Can a Landlord Ask For First and Last Month’s Rent and Security Deposit?

Are you in the market for a rental and a landlord is asking for a huge amount upfront?

I have been a landlord for many years and have seen other landlords ask for very aggressive payments even before the tenant steps into the unit.

Usually this takes the form of the first and last month’s rent as well as a healthy security deposit, which is usually equal to a full month’s rent (or in some cases, more).

That’s equal to three months rent upfront! It can create huge sticker shock for the prospective tenant and they may question whether something like this is even allowed.

In this article, I am going to answer that question.

I will include a discussion of laws that may apply as well as other considerations that a landlord should weigh when asking for this type of upfront payment.

I will also cover why a landlord may ask for this and some ways in which the landlord and tenant can work out a reasonable compromise.

If you have don’t have the time to read through it all, here’s a short answer to the question:

In most cases, a landlord is entitled to ask for at least a reasonable security deposit and the first month’s rent prior to move in. However, also asking for the last month’s rent or a larger than normal security deposit may run afoul of state and local laws that prohibit the receipt of excessive upfront rental payments or security deposits.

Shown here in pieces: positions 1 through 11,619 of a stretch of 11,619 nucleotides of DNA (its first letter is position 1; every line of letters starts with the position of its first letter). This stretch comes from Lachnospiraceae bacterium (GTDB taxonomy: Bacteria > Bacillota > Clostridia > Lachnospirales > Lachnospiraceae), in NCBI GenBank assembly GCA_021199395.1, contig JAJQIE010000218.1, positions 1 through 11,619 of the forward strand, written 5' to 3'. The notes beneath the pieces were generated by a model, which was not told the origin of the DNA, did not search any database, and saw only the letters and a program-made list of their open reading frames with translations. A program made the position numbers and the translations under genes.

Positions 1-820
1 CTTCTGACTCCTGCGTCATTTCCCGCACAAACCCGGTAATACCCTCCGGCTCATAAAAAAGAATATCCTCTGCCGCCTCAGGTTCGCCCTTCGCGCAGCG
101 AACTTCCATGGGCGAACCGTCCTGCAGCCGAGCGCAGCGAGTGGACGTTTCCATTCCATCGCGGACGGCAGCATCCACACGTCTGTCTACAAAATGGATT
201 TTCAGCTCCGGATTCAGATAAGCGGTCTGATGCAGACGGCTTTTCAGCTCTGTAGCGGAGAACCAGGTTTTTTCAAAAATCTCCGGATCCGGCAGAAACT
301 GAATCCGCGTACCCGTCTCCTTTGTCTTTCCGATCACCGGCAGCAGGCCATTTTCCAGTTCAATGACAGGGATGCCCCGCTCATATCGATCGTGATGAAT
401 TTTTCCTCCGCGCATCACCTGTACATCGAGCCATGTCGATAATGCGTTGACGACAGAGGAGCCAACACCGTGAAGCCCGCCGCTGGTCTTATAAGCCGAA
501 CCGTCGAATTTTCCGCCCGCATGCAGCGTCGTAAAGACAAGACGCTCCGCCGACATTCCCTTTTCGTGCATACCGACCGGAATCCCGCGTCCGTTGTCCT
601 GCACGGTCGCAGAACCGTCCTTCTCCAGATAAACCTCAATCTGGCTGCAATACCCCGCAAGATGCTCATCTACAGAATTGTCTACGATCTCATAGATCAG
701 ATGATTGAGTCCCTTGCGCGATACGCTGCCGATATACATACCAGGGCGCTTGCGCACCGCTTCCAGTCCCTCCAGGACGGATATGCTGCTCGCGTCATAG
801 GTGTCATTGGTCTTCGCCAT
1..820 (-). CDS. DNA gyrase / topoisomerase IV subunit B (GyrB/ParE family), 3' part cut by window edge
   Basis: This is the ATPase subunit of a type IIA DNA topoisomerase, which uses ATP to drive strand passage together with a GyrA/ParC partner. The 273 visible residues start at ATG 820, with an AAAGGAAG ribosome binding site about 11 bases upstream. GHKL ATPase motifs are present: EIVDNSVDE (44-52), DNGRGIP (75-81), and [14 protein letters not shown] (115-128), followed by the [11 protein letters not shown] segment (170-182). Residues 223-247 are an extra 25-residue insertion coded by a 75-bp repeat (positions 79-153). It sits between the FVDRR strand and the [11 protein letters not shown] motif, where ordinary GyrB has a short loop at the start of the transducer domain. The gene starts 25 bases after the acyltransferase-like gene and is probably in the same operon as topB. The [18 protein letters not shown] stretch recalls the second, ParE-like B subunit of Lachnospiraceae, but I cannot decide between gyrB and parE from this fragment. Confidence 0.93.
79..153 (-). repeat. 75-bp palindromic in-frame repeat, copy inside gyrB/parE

Ok – let’s get into it.

The information contained in this post is for informational purposes only.  It is not legal advice.  You should seek the advice of a qualified legal professional before making any decisions relating to the topics covered by this article.

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What Is the Real Definition of Rent and Security Deposit?

People often get confused between the rent and a security deposit.

The rent is the payment that a tenant makes for the right to live in the property.

The security deposit is a payment made by the tenant to the landlord to cover any damages or unpaid rent or other obligations at the end of the lease.

It is not a substitute for a rental payment and, although it is often confused with the last month’s rent, it serves an entirely different purpose and is subject to different rules.

The first month’s rent is simply the initial payment made by the tenant at the beginning of the lease to cover the first month of tenancy.